How to Clean Your Stainless Steel Pans, According to a Pro



it’s called the stainless do not stainfree. Cooks – amateurs and professionals alike – buy stainless steel pots and pans for their ability to reach hellish heat, without having to worry about seasoning and cleaning. While this sizzling pan is great for getting a delicious crust on your food, it’s also what causes problems for your pan when dishes need to be done. Your stainless steel pot is susceptible to staining, but no stain is impervious to elbow grease and a few essentials under the sink that you already have (or may have in the next few hours). We asked the winner of season 16 of “Top Chef”, Kelsey Barnard Clark, how she keeps her stainless steel cookware clean after constant use and abuse. From daily maintenance to removing the stuck-up bits you’ve just learned to live with, here’s how to clean your stainless steel pans to keep them looking like new.

For daily cleaning and regular messes

So you are done cooking a meal in your stainless steel pan. You have some oil left and some stuck together – what should a cook do? The answer is to start cleaning before you start digging. “I can’t stress enough that it’s always ideal to clean dishes right after use,†says Clark. “I know it’s tempting to let them sit until the next morning, but cool is best under any circumstances.”

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And while the dishwasher might seem like an easy way out, it’s best to hand wash. Clark certainly does. “At my house, we only use our dishwasher after dinner or as a drying rack,†she says. Many stainless steel cookware claim to be dishwasher safe, but washing by hand avoids much of the risk you face when considering the dishwasher as a quick fix. The mixture of abrasive detergents and humid environment can corrode the metal.

Start by taking a paper towel to soak up all the excess fat. This will reduce the amount of oil you end up rubbing on your stove as you clean, and it will also reduce the likelihood of developing a fatberg or clogging the sink. Scrape off all the pieces and throw them in the trash, then you’re ready to start cleaning. The best way to clean a stainless steel skillet after it’s just been used is to make sure it’s still hot (or hot enough that you can touch it) while you clean. Add hot water to loosen stuck-on leftovers, but avoid shocking your hot pan with cold water, which could warp your cookware.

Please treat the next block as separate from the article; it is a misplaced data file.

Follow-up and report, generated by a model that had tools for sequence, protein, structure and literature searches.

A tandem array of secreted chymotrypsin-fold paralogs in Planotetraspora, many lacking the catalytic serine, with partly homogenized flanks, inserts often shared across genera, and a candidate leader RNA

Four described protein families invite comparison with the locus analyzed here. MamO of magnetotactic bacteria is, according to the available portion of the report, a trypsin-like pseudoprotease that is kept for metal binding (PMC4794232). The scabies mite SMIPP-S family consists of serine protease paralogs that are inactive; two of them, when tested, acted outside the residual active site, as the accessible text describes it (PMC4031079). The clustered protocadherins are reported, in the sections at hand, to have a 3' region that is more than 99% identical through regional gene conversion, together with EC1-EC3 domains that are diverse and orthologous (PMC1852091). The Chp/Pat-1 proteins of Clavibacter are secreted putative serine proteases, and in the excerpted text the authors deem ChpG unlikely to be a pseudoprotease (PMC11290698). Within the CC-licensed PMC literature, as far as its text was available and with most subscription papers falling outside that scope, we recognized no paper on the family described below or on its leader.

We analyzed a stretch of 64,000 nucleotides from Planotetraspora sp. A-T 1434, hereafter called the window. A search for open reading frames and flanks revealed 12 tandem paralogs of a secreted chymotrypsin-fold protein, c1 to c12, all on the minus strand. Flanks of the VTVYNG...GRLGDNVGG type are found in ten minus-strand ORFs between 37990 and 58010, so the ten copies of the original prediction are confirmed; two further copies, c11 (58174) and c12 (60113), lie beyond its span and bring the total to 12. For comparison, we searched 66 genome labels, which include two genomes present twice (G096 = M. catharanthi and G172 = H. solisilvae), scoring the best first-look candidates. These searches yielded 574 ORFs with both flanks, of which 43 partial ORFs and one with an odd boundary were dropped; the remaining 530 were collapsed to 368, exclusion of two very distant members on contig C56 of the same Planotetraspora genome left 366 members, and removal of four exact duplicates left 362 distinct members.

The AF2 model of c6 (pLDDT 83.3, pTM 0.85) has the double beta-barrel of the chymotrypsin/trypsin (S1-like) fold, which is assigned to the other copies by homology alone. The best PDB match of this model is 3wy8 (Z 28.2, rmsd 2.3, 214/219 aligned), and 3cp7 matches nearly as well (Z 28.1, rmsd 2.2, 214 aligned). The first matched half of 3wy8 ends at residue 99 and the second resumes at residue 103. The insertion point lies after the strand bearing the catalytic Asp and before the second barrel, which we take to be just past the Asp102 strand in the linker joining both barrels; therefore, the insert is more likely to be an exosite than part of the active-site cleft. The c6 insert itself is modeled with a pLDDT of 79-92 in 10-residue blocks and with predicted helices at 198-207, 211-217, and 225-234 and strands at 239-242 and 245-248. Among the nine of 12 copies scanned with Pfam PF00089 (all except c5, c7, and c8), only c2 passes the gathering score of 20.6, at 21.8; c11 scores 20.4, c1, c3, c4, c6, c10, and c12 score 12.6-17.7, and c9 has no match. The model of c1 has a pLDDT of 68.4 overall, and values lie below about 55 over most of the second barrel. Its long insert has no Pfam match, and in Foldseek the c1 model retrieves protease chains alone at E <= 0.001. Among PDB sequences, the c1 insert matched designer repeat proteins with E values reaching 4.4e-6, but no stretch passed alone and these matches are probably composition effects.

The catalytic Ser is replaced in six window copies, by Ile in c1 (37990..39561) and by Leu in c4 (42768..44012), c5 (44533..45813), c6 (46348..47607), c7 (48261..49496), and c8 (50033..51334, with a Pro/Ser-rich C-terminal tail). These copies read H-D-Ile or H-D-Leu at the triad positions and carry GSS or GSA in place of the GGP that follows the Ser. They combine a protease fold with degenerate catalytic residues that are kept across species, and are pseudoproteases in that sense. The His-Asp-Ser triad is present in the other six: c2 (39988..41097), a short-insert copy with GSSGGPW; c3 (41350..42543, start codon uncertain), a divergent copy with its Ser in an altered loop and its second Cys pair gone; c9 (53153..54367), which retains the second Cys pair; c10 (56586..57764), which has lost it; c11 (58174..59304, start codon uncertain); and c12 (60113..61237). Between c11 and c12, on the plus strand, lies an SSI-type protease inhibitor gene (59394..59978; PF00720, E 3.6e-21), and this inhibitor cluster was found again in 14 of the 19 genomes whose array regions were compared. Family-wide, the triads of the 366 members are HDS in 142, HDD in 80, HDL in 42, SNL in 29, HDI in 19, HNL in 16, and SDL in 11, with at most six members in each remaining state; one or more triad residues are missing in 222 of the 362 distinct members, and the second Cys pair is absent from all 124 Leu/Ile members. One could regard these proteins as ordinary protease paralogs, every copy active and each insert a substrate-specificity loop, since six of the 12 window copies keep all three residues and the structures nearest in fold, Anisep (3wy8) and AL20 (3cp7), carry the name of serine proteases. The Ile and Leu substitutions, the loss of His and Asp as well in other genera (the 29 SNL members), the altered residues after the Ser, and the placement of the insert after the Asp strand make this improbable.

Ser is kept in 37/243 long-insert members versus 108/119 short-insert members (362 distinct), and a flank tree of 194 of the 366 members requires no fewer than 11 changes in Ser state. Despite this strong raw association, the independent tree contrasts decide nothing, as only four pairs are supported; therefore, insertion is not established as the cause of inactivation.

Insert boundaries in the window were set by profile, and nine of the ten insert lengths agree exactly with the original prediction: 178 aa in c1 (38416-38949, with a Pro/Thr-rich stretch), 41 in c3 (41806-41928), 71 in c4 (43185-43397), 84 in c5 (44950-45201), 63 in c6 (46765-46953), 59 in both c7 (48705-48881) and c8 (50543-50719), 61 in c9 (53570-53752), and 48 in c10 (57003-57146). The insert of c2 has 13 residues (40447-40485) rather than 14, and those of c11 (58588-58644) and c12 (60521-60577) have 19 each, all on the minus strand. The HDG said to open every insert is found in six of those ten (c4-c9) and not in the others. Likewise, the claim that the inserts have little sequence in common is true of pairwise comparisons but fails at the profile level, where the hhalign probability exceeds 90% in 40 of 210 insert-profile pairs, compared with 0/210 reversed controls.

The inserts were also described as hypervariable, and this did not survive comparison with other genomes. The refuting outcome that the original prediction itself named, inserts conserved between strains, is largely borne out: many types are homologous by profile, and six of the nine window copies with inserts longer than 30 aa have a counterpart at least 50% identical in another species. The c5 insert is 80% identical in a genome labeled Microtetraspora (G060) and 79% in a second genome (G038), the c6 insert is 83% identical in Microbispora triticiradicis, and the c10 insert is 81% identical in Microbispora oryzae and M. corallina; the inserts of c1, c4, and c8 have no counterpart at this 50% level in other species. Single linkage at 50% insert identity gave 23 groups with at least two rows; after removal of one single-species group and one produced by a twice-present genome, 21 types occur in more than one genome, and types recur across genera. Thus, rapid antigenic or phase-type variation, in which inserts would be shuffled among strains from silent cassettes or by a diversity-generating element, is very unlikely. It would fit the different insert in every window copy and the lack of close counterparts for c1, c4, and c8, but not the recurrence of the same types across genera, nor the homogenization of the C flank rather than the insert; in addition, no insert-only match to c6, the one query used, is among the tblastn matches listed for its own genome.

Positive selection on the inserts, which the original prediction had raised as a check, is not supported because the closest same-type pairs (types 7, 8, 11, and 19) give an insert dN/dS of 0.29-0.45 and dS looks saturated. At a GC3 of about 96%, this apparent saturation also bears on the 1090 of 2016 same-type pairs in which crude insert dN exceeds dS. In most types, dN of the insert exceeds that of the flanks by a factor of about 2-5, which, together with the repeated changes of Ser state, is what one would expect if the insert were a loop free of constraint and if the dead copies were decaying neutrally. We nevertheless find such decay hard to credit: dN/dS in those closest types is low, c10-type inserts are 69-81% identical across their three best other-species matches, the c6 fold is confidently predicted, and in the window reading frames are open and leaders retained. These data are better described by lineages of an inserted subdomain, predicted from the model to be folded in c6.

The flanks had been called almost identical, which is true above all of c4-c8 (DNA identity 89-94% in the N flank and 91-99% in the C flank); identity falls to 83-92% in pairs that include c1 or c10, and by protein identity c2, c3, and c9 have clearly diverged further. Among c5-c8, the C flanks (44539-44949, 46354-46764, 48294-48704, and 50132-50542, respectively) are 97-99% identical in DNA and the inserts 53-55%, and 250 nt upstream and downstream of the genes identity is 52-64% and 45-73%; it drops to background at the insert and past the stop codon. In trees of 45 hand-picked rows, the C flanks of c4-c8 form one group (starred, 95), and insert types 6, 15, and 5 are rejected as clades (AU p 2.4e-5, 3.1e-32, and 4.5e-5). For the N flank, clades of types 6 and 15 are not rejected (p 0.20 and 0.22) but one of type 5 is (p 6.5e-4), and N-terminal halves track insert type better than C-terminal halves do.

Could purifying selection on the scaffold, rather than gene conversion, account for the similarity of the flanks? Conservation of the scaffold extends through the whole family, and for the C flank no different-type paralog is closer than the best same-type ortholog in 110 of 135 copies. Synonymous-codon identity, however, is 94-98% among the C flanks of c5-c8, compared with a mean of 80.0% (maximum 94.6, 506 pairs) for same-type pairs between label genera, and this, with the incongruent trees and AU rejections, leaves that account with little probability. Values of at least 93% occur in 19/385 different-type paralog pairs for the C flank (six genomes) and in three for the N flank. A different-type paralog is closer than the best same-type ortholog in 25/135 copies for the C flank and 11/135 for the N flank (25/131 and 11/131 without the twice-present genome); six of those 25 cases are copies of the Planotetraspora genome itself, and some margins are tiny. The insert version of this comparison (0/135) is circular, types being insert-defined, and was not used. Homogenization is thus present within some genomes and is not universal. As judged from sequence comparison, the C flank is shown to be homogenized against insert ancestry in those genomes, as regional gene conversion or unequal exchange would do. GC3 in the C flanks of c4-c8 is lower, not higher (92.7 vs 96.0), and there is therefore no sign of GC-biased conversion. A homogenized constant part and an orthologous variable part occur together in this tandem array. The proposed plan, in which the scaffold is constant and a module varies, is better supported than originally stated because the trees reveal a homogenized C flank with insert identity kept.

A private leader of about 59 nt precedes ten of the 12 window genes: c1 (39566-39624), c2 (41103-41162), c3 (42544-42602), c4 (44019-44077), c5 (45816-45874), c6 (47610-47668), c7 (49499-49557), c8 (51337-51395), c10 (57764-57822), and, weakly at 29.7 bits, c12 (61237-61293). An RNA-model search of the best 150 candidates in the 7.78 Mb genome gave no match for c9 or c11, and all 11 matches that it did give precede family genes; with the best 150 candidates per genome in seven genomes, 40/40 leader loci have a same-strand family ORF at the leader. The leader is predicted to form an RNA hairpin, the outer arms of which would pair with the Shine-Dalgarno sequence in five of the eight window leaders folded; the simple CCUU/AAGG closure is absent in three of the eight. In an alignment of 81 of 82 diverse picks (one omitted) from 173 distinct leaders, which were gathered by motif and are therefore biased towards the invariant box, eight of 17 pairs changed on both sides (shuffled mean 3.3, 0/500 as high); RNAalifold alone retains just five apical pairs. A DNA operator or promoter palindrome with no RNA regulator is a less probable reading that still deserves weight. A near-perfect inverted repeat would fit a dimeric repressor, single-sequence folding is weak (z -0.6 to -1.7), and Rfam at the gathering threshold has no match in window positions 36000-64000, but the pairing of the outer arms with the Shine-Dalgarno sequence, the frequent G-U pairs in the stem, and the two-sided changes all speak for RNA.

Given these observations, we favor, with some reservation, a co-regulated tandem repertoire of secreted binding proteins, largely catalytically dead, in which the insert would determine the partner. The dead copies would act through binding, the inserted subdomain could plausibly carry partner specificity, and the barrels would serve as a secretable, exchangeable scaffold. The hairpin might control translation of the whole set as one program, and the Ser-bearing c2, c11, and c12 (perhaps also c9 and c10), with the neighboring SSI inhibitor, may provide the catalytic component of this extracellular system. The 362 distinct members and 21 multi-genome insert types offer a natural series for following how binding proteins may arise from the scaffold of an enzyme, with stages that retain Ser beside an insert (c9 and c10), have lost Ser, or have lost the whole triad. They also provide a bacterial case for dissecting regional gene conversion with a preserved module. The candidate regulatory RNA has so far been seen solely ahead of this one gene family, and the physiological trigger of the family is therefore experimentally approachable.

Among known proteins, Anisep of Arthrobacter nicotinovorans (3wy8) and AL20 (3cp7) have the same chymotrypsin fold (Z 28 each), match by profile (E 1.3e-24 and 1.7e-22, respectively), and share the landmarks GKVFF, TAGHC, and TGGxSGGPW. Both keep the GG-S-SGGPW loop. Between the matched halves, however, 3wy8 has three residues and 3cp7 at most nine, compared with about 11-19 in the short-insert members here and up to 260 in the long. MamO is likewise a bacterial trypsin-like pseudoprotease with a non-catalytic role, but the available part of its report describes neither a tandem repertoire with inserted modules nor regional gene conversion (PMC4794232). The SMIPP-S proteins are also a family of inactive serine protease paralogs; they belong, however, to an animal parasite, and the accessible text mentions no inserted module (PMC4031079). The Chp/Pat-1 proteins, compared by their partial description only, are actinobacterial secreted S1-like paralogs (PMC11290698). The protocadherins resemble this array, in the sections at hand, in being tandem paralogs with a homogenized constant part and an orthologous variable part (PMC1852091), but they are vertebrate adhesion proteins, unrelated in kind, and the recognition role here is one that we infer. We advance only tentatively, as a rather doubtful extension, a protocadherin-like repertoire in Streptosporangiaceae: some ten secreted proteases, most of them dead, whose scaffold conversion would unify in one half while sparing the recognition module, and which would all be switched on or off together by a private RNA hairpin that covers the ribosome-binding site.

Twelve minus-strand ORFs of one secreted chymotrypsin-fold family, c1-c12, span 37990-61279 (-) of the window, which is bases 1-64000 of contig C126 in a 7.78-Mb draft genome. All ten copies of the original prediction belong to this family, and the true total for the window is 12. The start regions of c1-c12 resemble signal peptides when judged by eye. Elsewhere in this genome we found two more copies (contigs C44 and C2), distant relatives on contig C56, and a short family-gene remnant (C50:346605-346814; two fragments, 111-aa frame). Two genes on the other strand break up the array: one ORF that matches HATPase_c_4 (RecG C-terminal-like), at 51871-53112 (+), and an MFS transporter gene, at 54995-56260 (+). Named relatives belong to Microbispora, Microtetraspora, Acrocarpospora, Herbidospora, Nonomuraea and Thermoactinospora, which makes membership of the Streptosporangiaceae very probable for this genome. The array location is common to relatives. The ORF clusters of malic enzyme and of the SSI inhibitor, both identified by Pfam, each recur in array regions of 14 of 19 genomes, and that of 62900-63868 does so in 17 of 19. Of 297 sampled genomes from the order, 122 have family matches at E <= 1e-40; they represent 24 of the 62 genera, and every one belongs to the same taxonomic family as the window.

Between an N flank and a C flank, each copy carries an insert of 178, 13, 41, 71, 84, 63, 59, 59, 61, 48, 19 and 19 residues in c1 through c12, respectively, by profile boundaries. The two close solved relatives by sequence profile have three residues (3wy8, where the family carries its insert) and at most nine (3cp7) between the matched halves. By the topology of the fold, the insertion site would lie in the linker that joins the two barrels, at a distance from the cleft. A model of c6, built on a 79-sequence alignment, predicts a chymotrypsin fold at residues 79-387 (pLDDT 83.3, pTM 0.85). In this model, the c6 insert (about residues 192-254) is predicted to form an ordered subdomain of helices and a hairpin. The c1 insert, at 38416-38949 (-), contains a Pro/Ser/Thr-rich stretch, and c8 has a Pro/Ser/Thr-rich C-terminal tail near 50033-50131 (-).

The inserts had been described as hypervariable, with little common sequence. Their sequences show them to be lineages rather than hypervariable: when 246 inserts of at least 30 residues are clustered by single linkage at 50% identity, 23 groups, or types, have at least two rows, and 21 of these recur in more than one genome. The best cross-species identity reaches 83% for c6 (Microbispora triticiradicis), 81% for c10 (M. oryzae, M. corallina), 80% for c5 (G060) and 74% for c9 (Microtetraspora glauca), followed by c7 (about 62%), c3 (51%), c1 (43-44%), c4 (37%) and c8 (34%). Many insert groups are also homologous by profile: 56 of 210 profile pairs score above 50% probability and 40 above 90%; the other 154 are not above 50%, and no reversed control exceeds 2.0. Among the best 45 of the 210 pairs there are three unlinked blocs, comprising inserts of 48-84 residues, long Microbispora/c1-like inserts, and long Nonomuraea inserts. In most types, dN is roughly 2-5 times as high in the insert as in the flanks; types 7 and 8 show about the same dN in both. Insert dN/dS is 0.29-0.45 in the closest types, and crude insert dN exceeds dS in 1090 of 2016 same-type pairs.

Hot, soapy water is the way to go, Clark says. She insists on only using a soft sponge, avoiding anything rough like a Brillo abrasive pad. Next is Clark’s secret to maintaining the longevity of his stainless steel cookware. “To keep them shiny and like new, I love to use Friend of barkeepers after cleaning nothing beats that! â€she said.

For those messes that are difficult to clean up

So maybe you’ve waited too long to start cleaning, and those burnt bits seem to have definitely made their home in your pan. If the elbow grease and all the soap in the world don’t, Clark’s recipe for cleaning might do the trick.

“For hard-to-clean messes, I always combine about four cups of hot water, a tablespoon of Dawn soap, and 1 tablespoon of baking soda,” says Clark. “Let it boil, then simmer in your pan for about 30 minutes. This usually lifts those really stuck on the spots better.”

Once it’s cool enough to handle, go to town on your stove as you normally would. Hot water, soap, and a soft sponge are the perfect choice when it comes to cleaning your cookware, and some stubborn stains won’t make a difference.

For white and chalky residue

After you’ve cleaned your stove (thoroughly, and following these instructions no less!), You may notice that your stove still looks a bit off. The surface of your pot may have a strange cloudy substance forming, and this is all due to tap water. Hard water, which contains large amounts of calcium, is the result of your chalk residue, and cleaning up is even easier than cleaning up stuck-on food bits.

Fill your saucepan with one part vinegar to three parts water and let it boil before putting it back off the heat and allowing it to cool. Wash the pan as usual, then dry it with a clean towel to prevent harder water spots from forming.

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